Law & Order: Organized Crime-1×01: ‘What Happens in Puglia’

Rating: 3 out of 5.

Teleplay by Ilene Chaiken
Story by Dick Wolf & Ilene Chaiken and Matt Olmstead
Directed by Fred Gerber
Original Air Date: April 1st 2021 (U.S), July 30th 2021 (U.K)

NBC/Sky Witness

There’s something fascinating in witnessing the launch of a new branch of the Law & Order franchise in 2021. Given the criticism that crime procedurals have come in for with their leanings towards what could be best described as ‘copaganda’ in light of the justified criticism directed towards American law enforcement, and how quaint and old fashioned crime procedurals appear to be in an era of serialised television shows that appear to want to function more as eight-to-ten hour movies than try to resolve everything in the space of forty-five minutes, it’s interesting to note that Law & Order creator Dick Wolf has not only managed to launch a new branch of his ever popular franchise, but has also in the last few years also produced the never ending stream of Chicago series, one of which is centred directly on the Chicago P.D. 

Given how famous the procedural nature is of Law & Order and its many spin-offs (with the notable exception of Law & Order True Crime which attempted an American Crime Story-style anthology approach that lasted for one season), there is something refreshing in the franchise’s latest production taking the serialised route. There will, of course, be an expectant audience for this given that it is part of one of American television’s most popular and iconic franchises, but also because of the return of one of its most popular characters and actors.

Special Victims Unit, the first of L&O’s many spin-offs that is still airing today and has now outlasted the series that launched the whole endeavour, became incredibly popular thanks to its central partnership between Mariska Hargitay’’s Benson and Christopher Meloni’s Stabler. The loss of Meloni from the series could have potentially hurt it, but it has instead thrived and made Hargitay one of American television’s most iconic names, but there has perhaps always been a wish fulfilment on the part of fans and viewers who would be curious to know what would happen if Stabler returned. 

Well, now he has, spinning off into his own series that puts the focus on an organized crime task force and Stabler’s attempt at bringing down a crime family and infrastructure that is responsible for the death of his wife. 

Yep, it’s at this point that we say hello to that age-old ‘woman in refrigerator’ trope. Stabler’s wife has died (in an episode of SVU that sets up the events of this series that gets a handy recap both at the episode’s beginning and through so much exposition here) and now he wants vengeance. Or justice. Or both. 

Cue scenes of Stabler being told he’s too close to this case, having to prove he can function while grieving, much running around pointing guns alongside various SWAT teams busting down doors, while the character manages to work his way into a case that he really ought not to be investigating but, let’s be honest, that’s not how American cop shows function.

Instead of resolving everything in the space of forty five minutes, the series puts itself into the mould of an ongoing serial, and it does come as a weirdly fun surprise at the end of this first episode to see that things won’t be resolved easily in the manner that so many L&O episodes opt for. We also only get the famous ‘dun dun’ sound effect after the customary narration from Steven Zirnkilton declaring that ‘these are their stories’.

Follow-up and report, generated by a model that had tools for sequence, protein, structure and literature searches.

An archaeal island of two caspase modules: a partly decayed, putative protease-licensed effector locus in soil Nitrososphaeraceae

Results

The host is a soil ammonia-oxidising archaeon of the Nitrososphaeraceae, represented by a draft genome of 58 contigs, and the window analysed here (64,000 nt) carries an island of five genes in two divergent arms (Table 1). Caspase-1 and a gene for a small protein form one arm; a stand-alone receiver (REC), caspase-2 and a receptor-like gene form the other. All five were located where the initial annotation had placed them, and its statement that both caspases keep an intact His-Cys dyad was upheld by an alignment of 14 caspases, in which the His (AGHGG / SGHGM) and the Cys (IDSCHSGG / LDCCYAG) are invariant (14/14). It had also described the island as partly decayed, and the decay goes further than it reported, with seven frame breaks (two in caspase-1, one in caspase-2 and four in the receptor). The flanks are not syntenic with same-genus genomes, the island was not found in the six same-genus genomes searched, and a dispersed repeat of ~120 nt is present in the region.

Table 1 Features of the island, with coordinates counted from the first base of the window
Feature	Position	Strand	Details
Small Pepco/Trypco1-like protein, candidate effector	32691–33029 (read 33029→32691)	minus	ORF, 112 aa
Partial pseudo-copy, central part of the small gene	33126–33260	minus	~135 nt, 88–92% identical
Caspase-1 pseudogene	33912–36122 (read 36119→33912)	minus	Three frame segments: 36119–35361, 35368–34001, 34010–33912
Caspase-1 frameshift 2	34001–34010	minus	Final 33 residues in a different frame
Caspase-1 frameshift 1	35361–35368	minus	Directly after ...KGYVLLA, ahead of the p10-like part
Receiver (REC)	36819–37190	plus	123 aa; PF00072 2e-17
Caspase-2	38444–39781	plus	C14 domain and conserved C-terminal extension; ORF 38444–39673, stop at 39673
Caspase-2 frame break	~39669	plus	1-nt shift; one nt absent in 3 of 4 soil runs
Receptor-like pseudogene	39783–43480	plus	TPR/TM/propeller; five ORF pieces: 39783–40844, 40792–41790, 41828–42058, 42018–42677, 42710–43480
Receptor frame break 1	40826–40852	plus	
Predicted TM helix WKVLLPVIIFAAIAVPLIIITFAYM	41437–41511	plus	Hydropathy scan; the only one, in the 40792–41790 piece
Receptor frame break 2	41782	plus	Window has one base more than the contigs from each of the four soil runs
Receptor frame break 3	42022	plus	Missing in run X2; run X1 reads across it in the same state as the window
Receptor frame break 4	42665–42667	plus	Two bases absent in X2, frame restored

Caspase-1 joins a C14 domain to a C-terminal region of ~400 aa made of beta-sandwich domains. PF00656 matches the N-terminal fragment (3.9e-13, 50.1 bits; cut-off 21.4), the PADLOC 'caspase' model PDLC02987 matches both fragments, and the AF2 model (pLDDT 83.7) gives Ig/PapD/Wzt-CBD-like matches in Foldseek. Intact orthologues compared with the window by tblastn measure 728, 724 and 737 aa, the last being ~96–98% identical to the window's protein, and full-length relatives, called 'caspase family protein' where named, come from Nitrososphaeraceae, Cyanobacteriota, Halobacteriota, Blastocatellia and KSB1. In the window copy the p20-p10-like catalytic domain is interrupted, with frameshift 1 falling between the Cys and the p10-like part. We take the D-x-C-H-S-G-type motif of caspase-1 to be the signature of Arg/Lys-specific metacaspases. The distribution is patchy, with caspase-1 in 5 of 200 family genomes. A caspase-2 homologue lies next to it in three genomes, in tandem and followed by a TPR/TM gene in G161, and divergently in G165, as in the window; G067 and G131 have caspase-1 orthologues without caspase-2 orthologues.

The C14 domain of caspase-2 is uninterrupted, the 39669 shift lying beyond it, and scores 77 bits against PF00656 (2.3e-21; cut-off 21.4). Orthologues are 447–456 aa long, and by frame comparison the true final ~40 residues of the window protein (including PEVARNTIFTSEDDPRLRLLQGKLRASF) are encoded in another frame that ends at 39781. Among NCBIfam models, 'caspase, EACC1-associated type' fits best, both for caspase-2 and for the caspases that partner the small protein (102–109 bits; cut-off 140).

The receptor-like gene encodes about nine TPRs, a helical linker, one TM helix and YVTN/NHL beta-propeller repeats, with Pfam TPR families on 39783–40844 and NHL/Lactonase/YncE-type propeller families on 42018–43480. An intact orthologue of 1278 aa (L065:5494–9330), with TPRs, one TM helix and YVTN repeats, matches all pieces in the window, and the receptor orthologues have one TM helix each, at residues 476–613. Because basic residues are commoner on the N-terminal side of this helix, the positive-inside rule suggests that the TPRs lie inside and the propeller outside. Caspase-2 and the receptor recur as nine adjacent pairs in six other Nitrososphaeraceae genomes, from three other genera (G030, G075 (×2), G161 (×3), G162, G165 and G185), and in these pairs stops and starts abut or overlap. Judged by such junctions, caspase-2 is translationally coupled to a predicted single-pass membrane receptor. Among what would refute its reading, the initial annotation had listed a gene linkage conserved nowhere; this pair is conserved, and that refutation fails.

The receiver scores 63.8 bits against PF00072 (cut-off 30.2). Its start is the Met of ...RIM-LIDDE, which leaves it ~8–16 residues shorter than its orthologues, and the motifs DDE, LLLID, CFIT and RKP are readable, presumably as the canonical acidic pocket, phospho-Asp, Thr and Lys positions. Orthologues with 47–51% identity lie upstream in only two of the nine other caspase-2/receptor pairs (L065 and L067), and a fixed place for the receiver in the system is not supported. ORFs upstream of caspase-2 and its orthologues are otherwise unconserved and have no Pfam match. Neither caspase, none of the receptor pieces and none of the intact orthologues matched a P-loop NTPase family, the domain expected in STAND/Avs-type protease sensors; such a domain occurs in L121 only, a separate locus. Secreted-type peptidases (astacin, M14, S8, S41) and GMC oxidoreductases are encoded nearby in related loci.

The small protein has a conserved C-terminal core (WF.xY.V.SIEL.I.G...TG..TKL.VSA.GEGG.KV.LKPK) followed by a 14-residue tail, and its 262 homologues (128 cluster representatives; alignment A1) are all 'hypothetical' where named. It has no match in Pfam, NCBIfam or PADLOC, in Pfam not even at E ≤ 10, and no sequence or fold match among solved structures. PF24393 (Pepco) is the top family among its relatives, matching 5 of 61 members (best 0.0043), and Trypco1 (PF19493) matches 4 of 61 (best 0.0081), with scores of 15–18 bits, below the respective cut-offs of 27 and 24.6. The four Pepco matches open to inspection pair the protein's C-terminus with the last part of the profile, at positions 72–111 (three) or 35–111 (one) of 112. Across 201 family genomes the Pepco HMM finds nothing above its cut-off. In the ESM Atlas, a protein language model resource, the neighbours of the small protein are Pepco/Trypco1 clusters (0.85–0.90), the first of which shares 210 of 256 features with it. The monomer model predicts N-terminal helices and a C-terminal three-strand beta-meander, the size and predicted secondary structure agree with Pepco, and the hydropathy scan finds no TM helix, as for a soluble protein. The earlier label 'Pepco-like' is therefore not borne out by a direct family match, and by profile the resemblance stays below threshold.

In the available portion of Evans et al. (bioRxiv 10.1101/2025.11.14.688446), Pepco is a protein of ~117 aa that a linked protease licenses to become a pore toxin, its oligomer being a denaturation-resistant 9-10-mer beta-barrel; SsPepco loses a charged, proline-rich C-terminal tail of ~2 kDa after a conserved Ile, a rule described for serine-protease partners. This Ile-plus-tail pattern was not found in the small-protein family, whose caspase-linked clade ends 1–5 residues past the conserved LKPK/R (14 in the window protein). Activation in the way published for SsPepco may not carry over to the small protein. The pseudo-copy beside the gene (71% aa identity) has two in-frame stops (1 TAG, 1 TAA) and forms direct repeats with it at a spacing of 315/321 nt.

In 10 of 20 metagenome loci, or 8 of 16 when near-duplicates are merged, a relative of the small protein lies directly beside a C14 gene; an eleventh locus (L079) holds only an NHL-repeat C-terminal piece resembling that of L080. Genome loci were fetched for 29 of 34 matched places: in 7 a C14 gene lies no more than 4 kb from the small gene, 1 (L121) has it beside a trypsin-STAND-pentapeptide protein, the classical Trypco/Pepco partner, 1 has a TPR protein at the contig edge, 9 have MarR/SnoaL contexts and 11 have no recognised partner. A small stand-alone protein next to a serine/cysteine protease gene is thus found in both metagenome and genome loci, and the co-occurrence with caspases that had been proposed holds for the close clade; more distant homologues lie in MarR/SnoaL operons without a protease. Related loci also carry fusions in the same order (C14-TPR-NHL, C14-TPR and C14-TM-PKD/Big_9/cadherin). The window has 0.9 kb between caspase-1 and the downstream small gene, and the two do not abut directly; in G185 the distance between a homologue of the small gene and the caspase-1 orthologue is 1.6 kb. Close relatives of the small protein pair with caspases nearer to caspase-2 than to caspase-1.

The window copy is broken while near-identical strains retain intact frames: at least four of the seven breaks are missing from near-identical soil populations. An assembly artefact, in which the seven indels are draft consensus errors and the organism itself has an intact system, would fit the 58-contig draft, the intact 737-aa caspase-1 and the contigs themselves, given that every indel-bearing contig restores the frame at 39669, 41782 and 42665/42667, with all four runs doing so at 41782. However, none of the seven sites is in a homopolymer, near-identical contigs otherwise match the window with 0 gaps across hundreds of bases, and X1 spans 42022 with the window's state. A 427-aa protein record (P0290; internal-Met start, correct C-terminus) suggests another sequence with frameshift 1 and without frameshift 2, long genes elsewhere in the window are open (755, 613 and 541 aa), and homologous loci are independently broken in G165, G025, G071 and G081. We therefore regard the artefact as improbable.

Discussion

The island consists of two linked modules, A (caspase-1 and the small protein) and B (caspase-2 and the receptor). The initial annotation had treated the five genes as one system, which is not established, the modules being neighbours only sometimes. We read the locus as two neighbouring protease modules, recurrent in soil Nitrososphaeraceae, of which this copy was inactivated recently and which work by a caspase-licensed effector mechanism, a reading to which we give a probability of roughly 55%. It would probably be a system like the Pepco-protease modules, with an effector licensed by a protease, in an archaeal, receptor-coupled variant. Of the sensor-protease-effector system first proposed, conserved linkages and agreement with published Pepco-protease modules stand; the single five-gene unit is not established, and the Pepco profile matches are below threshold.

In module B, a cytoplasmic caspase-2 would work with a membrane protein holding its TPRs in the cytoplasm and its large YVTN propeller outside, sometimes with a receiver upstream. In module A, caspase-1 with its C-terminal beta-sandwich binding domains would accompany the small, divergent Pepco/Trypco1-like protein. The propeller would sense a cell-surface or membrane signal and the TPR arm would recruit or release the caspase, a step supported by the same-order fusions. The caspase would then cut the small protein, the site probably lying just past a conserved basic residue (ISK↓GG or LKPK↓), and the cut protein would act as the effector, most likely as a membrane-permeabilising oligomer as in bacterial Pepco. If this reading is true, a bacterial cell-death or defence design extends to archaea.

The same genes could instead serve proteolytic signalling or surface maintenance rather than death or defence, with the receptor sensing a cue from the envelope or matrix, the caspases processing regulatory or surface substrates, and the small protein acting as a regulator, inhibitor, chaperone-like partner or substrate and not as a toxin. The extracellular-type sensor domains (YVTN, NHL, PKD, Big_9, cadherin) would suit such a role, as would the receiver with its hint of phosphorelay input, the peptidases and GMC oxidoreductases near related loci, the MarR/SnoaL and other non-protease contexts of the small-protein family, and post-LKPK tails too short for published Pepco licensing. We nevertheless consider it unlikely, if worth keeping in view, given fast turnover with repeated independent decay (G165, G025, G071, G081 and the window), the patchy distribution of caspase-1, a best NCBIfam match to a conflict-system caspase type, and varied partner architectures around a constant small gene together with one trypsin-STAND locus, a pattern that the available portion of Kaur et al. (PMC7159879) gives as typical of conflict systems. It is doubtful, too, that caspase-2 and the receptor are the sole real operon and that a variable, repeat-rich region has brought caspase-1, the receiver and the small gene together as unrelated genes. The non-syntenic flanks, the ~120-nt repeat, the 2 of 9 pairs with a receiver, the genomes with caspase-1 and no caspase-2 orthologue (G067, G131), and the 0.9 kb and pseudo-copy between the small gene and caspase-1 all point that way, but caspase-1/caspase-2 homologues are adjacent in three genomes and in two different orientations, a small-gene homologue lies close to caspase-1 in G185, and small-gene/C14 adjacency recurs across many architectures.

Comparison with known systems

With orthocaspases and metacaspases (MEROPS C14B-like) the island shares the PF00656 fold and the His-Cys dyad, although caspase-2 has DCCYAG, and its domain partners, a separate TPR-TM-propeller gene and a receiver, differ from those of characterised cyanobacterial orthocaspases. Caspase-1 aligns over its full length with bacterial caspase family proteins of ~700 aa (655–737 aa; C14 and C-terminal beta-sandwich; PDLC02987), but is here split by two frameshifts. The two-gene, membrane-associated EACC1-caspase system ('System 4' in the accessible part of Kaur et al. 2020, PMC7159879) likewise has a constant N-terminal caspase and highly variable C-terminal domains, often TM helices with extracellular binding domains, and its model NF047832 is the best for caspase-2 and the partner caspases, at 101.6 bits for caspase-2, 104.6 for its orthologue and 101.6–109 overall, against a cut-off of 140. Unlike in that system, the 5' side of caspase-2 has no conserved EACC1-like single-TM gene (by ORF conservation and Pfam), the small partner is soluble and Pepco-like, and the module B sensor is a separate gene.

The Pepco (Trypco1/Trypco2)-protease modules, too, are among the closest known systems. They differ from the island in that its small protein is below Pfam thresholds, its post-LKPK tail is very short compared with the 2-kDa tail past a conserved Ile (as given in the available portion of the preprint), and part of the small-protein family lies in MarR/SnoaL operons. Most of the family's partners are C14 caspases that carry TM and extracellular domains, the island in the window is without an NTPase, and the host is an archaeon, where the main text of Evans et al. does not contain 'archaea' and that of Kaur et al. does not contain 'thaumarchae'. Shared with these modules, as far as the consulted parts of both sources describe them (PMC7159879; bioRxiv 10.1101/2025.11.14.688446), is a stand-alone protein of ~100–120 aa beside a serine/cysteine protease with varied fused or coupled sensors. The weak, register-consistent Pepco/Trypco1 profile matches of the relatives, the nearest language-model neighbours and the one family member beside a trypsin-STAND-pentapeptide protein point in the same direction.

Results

It manages to be entertaining and something new for the franchise, but also being the type of thing we’ve seen a million times before and probably done better if we’re being honest. Yes, it’s dramatic and well made and places itself firmly in the real world by having COVID be mentioned a lot and having characters wearing masks and practicing social distancing, not to mention raising the issue of racism.

It’ll be interesting to see going forward with the next batch of episodes during the season if the references it makes to Black Lives Matter and the racism it explores through one of its antagonists (Chazz Palmenteri) will extend to the NYPD itself, especially given that L&O as a franchise has never been afraid of its ‘ripped from the headlines’ approach to storytelling.

Credit is due to launching a new branch of his never ending television tree by having an entry within it fashion itself into something that plays in a television world that seems to crave more connective tissue between episodes. It does manage to get exciting that little bit more and more towards the end credits that you will feel inclined to come back for the next episode at the very least. 

If you’ve watched a lot of Special Victims Unit, there is a nicely dramatic and nostalgic charge at seeing Hargitay and Meloni on screen together again and their scenes do carry the weight of two people not having seen each other in a long time and having to deal with the emotional ramifications of being in each other’s lives again. While it does succeed in paving the way for a serialised story that makes it a Law and Order for the era of peak-TV, it lacks the complexities (at least at this stage) that one might expect in an era of such productions as the BBC’s Line of Duty (arguably the best police drama of the peak-TV era precisely because it manages to never fall into the realm of being a ‘copaganda’ piece).

There is some promise here, and certainly I’ll be back for the second episode, but one is also left hoping that it will try to get to grips with not only trying to succeed structurally in the age of television that it’s being produced in, but also in trying to grapple with what it means to be a Law and Order spin-off in an era when cop shows might no longer have the allure that they once did. 

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